|Abstract:|| Life sciences could benefit immensely from the massive growth of HPC processing power occurred in the last ten years. Indeed, complex biological systems are described by sophisticated mathematical models, whose solution requires highly scalable solvers. In particular, for what concerns cardiac electrophysiology, the simulation of the electrical excitation of the heart muscle, and the subsequent contraction-relaxation process, represents a challenging computational task. In the present talk, we will describe the main mathematical model of the cardiac electrical and mechanical interactions, the so-called cardiac electro-mechanical coupling model. This model consists of a system of non-linear partial differential equations (PDEs), constituted by four sub-models: the anisotropic Bidomain model, i.e. a system of degenerate parabolic reaction-diffusion PDEs describing the electrical current flow through the tissue; the membrane model of the cardiac cell myocyte describing the ionic fluxes across the membrane, including stretch-activated channels; the active tension model describing the intracellular calcium dynamics and the consequent generation of the cellular force; the quasi-static anisotropic finite elasticity equations describing the deformation of the ventricular walls. The complex interaction between the cardiac bioelectrical and mechanical phenomena is modeled by a system of non-linear partial differential equations (PDEs), known as cardiac electromechanical coupling (EMC) model. Due to the extremely different spatial and temporal scales of the physical phenomena occurring during a single heartbeat, the discretization of the EMC model with finite elements in space and finite differences in time yields the solution of thousands of large scale linear systems, with O(106 - 108) degrees of freedom each. The effective solution of such linear systems requires the use of hundreds/thousands processors and, consequently, of highly scalable preconditioners. The numerical simulations are based on our finite element parallel solver, which employs Multilevel Additive Schwarz preconditioners for the solution of linear systems arising from the discretization of the Bidomain equations and Newton-Krylov-Algebraic Multigrid methods for the solution of the non-linear systems arising from the discretization of the finite elasticity equations.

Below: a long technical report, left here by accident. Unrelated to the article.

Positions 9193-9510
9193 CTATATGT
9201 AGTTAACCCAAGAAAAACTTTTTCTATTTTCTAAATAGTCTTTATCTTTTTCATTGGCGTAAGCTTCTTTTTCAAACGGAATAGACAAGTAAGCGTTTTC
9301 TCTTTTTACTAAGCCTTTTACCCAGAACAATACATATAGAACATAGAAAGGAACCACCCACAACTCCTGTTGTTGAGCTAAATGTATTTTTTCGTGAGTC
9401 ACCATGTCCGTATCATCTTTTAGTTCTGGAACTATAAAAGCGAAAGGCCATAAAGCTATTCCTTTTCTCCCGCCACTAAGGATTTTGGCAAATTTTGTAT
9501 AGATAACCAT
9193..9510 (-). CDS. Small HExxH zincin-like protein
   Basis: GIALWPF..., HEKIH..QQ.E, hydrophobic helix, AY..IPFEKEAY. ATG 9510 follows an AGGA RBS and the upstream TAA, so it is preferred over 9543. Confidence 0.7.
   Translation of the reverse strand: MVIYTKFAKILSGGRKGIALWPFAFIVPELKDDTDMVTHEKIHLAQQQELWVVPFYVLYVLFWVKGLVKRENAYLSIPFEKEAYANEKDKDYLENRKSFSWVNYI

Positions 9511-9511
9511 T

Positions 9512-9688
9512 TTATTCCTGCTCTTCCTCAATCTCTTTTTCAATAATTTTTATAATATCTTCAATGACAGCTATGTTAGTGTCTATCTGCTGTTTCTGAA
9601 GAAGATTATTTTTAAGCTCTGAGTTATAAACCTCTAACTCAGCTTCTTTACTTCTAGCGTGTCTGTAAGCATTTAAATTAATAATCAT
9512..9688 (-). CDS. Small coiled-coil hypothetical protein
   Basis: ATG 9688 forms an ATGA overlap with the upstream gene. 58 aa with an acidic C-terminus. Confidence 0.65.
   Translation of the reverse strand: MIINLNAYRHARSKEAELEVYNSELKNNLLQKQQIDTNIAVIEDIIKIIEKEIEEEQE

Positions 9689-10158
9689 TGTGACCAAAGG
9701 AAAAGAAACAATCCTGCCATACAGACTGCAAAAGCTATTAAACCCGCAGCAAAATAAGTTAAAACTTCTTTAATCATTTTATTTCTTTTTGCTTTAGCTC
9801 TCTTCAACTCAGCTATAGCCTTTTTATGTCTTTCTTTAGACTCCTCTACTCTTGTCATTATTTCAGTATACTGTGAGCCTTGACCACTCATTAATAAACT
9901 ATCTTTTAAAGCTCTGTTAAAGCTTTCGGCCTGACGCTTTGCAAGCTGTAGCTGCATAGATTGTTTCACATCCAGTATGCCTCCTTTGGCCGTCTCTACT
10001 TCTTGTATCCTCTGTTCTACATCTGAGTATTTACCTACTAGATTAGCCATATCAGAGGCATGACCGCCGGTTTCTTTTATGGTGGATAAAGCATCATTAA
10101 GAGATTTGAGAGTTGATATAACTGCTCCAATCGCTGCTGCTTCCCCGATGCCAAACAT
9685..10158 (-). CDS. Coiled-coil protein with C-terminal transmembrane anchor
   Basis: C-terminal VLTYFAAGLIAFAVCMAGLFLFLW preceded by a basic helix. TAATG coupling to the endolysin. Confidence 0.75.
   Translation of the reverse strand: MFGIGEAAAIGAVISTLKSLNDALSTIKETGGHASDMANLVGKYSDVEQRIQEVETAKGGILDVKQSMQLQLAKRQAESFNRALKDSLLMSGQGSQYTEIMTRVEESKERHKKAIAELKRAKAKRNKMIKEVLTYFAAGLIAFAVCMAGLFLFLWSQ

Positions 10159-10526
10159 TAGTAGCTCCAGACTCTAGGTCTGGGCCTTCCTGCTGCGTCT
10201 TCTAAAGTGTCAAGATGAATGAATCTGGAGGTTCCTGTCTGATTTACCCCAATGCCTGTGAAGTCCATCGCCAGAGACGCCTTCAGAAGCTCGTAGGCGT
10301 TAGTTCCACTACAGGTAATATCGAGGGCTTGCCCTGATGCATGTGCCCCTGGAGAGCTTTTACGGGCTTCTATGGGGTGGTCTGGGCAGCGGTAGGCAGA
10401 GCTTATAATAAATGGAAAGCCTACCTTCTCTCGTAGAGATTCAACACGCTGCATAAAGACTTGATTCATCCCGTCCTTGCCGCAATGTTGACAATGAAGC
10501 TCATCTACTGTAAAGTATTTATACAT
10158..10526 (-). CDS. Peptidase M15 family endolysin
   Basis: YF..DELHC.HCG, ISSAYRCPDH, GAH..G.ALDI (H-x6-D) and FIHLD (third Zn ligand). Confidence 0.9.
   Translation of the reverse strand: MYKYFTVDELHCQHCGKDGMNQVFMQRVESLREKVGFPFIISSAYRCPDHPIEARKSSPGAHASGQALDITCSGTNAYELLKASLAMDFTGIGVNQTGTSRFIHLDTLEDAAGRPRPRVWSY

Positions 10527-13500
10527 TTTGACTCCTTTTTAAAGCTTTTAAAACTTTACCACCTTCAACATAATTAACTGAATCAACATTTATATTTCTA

Finally, the results of three-dimensional parallel simulations will demonstrate the effectiveness of the resulting algorithms.